Fiona p. 1

by Jackie7776
Last updated 4 years ago

Discipline:
No category
Subject:
No topic

Toggle fullscreen Print glog
Fiona p. 1

Next Page

Baby Fiona: A Lucky, Little Hippo Jackie Robie

Fiona’s Parents Meet in Cincinnati: Henry and BibiCincinnati’s Newest Residents Not long ago, The Cincinnati Zoo & Botanical Garden’s opened its hippo exhibit on July 21, 2016. The Ohio zoo’s Hippo Cove was flooded with visitors who couldn’t wait to see the new Nile hippos, Bibi and Henry. There haven’t been hippos at the Cincinnati Zoo since 1997. I imagine many Cincinnati residents had never seen hippos up close.Hippopotamus amphibious Hippopotamus is the second largest animal on land after the elephant. They live by water bodies from central to southwest Africa. Hippos spend the most of the day in water or mud to keep their skin moist and bodies cool. When submerged, just their eyes, ears and nostrils stick out of the water so they can still see, hear and smell what’s going on around them. Although hippos spend much of their day in the water, they actually can’t swim at all. They float or walk along the bottom of the water. At night, they come out to munch on grass. Hippos are vegetarians. Hippos can grow up to 10.5 to 11.5 feet long. Males weigh between 3,500 to 7,000 pounds. Females weigh around 3,500 pounds. Hippos can live longer than 45 years. Something I think is really interesting about hippos is that they can open their mouths about three times wider than people can. Hippopotamus amphibious is a species at risk. They are vulnerable to hunters who seek their teeth and their meat. I can understand why hippos are being bred at zoos to keep the species alive and safe.Hippo Cove The Nile hippo exhibit is the last addition to the Zoo’s $34 million Africa exhibit. The exhibit has a special viewing window that’s close to the ground for kids, and it also has a 70,000 gallon pool. That’s a lot of water! The zoo has saved 1 billion gallons of water since 2005 and 100% of the water put into the exhibit will come from rainwater. The hippo exhibit pool holds approximately 11,000 gallons. That’s about 140 bathtubs full of water!. A 400,000-gallon underground detention tank collects rainwater that’s filtered and used to feed the streams, waterfalls and tanks in Africa and other Zoo exhibits like Hippo Cove.Henry and Bibi Henry, a 34-year-old male hippopotamus, came from from Dickerson Park Zoo in Springfield, Missouri. Henry has already been a father to many baby hippos, but he had not had a mate for 20 years. Bibi, a 17-year-old female hippopotamus, came from St. Louis Zoo. Bibi’s very first baby was Fiona. Henry and Bibi got along well right from the start. “From the moment he laid eyes on her, Henry was intent on trying to find a path to Bibi,” said Africa head keeper Wendy Rice. Henry and Bibi have received a breeding recommendation from the Association of Zoos and Aquariums Species Survival Plan, and that means they could have baby hippos born and raised at the Cincinnati Zoo. Visiting the Cincinnati Zoo I’d love to visit Hippo Cove and meet Henry, BIbi, and Fiona! The Cincinnati Zoo & Botanical Garden is located at 3400 Vine St., Cincinnati, Ohio 45220. It ‘s open in January 2 through March 10 from 10am-5pm.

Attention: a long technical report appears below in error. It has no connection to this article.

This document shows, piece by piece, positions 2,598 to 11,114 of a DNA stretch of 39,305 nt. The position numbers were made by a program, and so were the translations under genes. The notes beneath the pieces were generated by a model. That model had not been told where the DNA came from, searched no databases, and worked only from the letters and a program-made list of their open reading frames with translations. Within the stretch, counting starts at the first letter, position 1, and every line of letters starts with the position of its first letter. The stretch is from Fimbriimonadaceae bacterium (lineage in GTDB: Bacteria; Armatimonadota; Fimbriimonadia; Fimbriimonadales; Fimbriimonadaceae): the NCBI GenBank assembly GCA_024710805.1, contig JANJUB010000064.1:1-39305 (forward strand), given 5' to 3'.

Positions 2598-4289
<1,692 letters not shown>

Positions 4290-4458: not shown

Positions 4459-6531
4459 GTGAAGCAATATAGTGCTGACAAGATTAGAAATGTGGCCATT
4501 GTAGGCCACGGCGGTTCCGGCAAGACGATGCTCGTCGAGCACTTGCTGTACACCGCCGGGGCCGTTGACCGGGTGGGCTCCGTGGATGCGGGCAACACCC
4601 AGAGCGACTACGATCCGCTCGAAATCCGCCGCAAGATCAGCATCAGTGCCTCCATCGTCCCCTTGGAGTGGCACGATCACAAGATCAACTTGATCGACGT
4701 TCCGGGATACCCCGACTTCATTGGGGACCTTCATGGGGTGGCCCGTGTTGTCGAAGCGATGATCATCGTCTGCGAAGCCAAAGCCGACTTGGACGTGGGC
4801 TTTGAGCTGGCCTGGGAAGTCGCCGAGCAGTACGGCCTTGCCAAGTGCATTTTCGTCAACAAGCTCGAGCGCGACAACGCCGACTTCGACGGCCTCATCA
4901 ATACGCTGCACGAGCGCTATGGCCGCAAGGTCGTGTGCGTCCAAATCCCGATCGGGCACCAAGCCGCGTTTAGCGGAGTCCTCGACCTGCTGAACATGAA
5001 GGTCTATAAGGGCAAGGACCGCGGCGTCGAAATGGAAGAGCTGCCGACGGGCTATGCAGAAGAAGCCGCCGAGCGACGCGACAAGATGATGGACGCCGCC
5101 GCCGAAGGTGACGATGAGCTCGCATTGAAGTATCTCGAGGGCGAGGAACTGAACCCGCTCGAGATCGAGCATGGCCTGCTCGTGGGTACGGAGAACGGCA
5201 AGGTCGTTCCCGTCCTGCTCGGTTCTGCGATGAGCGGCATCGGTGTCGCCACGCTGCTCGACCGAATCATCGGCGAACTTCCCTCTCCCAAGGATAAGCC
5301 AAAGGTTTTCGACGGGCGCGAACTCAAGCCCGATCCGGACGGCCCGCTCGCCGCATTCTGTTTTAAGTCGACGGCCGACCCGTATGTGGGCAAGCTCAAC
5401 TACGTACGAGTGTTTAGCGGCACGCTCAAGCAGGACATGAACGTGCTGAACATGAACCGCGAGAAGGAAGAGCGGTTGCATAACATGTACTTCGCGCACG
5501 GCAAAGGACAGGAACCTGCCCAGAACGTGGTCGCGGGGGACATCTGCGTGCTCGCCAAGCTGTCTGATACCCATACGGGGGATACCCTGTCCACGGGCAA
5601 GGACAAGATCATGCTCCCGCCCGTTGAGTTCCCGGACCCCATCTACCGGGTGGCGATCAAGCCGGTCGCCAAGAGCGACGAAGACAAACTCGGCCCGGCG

Hello, Henry!Hello, Bibi!

Click for directions to the Cincinnati Zoo in Cincinnati, Ohio.

Click for a video about Hippo Cove, Henry and Bibi's home at the Cincinnati Zoo.

Click to see Henry and Bibi, Fiona's Parents.

Fiona is a baby hippo that was born prematurely at the Cincinnati Zoo. She is a Nile Hippo born at Hippo Cove to parents Henry and Bibi. You might be lucky enough to go to the zoo and meet Fiona and her parents!


Tags

Comments

    There are no comments for this Glog.